Social media shines light on a dark issue

Westerville protest expresses passion towards movement homemade signs.- Courtesy of

Brittany Abston, Reporter

It’s no secret how much the Black Lives Matter movement has skyrocketed over the course of the six month quarantine. More specifically, it’s caught the attention of those on social media websites like Twitter and Instagram.

   Social media has had an impact on organizing huge protests, creating activism art and advertising music. Many people see social media is playing a huge part in creating an open space for people to talk about all things BLM. 

   Ciara Olive, a senior at North, has been heavily involved in different protests and social media involvement since the BLM movement started. 

 “Planning protests is easier than ever and now there is video proof of everything that has occurred,” Olive said.

   Olive is one of many who believe social media has given the BLM movement the social media coverage it has never received. Olive believes that there’s really no way to hide from the issue. 

   “No one can argue or try to cover events up because there’s evidence many people have seen,” Olive said.

   She indicates that this evidence that many people have seen only makes the issue bigger and more real. Is there an invisible link between the BLM movement and social media? Or is it more apparent than people think? 

   The BLM movement has made its way across the world one city at a time. Many would say that change starts within one’s own community. Due to the pandemic and quarantine, being at home seems to be the only option. 

   Kaia Calhoun, a junior at North High School,  Calhoun herself is from Westerville and has experienced first hand how her town has reacted to the movement. She has seen the support for the movement in her neighborhood, school, and even workplaces. 

 “Westerville has tried to make it clear that we as people in every shade are united. That’s really all they can do without compromising the beliefs of others, so Westerville has definitely reacted in a very respectful manner,” Calhoun said.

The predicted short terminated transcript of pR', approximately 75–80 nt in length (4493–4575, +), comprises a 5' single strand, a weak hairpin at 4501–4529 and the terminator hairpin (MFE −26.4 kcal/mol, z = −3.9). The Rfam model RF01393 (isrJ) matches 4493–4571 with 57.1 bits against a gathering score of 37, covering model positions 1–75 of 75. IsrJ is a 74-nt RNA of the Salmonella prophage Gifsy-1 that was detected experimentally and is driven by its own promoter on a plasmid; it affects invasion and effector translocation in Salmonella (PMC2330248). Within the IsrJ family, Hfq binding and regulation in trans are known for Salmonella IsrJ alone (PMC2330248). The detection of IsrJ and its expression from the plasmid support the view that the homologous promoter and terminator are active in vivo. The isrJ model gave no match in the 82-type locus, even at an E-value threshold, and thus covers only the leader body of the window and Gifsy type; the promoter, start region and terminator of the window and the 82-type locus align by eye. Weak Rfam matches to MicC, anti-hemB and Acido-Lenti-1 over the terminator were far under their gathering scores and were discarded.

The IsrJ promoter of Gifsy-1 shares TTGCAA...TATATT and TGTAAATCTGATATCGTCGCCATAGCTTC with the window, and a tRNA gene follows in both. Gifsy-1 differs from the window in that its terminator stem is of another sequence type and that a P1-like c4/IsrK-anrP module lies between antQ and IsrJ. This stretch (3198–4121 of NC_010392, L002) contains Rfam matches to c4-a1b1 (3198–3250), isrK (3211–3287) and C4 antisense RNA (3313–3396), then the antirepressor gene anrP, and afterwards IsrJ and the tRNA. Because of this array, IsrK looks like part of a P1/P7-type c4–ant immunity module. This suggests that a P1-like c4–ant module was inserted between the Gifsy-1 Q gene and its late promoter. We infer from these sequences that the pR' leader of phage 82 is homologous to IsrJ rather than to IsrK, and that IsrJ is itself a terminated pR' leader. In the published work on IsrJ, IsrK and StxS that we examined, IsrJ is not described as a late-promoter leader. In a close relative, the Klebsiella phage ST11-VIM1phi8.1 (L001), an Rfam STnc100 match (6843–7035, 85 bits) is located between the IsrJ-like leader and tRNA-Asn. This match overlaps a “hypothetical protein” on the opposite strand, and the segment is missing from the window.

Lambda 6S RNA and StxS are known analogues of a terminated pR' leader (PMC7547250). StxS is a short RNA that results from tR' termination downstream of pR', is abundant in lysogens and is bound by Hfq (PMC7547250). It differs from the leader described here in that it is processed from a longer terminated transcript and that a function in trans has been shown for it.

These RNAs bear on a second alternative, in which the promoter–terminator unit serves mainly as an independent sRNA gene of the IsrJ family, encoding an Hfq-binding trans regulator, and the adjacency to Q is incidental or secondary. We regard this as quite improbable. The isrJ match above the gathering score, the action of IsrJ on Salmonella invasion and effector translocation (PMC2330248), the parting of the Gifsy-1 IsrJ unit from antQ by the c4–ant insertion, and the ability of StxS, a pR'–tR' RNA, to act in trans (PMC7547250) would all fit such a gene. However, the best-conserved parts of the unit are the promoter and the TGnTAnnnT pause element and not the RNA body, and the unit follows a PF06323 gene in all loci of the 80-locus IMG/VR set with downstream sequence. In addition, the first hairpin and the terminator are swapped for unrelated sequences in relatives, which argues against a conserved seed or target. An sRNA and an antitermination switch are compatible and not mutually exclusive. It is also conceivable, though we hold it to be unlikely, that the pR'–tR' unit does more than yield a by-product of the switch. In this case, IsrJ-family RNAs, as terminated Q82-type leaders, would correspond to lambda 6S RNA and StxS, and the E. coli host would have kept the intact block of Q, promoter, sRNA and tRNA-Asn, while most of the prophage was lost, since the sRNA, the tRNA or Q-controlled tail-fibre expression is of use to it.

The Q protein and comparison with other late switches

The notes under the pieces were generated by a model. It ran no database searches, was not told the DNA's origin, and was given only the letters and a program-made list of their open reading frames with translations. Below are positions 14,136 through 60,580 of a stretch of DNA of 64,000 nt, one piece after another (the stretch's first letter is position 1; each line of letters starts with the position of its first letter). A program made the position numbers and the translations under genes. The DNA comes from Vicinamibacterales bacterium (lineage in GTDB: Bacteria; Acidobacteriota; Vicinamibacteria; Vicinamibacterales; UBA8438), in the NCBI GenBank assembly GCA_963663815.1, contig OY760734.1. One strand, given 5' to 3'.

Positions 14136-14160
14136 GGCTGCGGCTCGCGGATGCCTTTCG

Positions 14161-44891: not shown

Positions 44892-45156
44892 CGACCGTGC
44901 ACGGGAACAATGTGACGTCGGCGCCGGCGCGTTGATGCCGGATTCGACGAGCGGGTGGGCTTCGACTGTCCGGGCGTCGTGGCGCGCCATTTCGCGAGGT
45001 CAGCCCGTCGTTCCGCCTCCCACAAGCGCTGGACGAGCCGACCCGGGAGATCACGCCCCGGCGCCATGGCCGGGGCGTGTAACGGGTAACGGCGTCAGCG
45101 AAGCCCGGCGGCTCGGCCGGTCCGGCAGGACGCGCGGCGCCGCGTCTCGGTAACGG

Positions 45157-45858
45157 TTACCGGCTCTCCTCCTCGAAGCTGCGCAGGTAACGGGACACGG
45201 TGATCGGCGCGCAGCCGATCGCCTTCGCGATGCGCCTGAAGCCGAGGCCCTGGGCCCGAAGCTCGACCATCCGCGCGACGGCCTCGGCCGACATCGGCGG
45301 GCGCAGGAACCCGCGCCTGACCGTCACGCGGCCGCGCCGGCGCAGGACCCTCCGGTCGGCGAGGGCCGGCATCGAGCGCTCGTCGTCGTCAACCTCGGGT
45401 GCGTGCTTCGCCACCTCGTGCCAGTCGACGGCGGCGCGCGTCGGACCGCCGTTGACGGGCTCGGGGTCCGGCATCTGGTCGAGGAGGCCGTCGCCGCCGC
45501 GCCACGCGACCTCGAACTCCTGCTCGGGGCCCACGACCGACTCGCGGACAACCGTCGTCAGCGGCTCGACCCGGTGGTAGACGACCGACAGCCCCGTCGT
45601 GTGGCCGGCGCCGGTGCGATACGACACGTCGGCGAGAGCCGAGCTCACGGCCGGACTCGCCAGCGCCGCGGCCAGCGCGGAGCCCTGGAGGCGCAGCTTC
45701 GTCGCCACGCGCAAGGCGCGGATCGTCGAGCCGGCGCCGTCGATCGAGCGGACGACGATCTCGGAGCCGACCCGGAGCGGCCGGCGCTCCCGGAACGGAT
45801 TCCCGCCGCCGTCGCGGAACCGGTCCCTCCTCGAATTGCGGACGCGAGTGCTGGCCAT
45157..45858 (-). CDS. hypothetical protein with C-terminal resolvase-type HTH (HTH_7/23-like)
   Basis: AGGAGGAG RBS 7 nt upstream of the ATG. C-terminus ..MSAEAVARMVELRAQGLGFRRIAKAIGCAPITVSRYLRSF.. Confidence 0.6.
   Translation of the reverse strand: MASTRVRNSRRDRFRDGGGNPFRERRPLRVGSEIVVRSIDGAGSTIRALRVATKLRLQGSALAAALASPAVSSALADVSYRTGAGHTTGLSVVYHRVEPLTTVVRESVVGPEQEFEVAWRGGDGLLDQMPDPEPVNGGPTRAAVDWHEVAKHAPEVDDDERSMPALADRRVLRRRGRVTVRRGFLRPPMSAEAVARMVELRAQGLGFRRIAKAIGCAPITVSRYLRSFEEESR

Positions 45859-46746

Maya Chaffin, a junior at North High School, disagrees with Calhoun’s opinion on how Westerville has been involved in the movement. 

   “I think Westerville has reacted too calmly to the BLM matter movement. I feel as if we are doing better than before at spreading awareness about this issue by starting the One Westerville program, African American studies class, and the various protests around uptown Westerville, but many people are ignoring the fact that racism is present in this city,” Chaffin said. Chaffin and other Westerville residents want more action taking place in their hometown.

    “It is very upsetting that people are caught up in their ‘Westerville Bubble’ and think that the Black Lives Matter movement doesn’t involve them so they stay silent while their fellow Westerville citizens struggle with racism on a day to day basis,” Chaffin said.  

    Many Westerville citizens wonder what more involvement would look like. Chaffin and many others have insight on this involvement. 

  “I think Westerville should continue to emphasize the One Westerville concept and educate students more about black history to prevent ignorance.” Chaffin said. 

   Some would say that there’s a correlation between the spike in BLM social media coverage and being at home due to the pandemic, others would argue that there is not. 

  “I think there is a correlation between media coverage and quarantine since a lot of people need something to focus on but that’s perfect because there is extra time for everyone to educate themselves,” Olive said. Calhoun seems to disagree with Olive about the correlation. 

      ”Not exactly. A lot of news would still be related to the protests and those pictures and videos would still make its way through social media apps. I think something like #blackouttuesday wouldn’t have been a thing because it was a way for a lot of people at home to show support. I feel like the BLM movement is bigger than Covid-19 and people were willing to fight through social media with or without it.” Calhoun said.  

  Chaffin does agree with Calhoun’s opinion on social media involvement outside of quarantine.

   “If we weren’t stuck at home I feel like people would still post their opinions on politics when George Floyd was murdered, as well as Ahmed Ahmaud Abery just because it’s something that everyone uses on a day to day basis to express their feelings.” Chaffin said.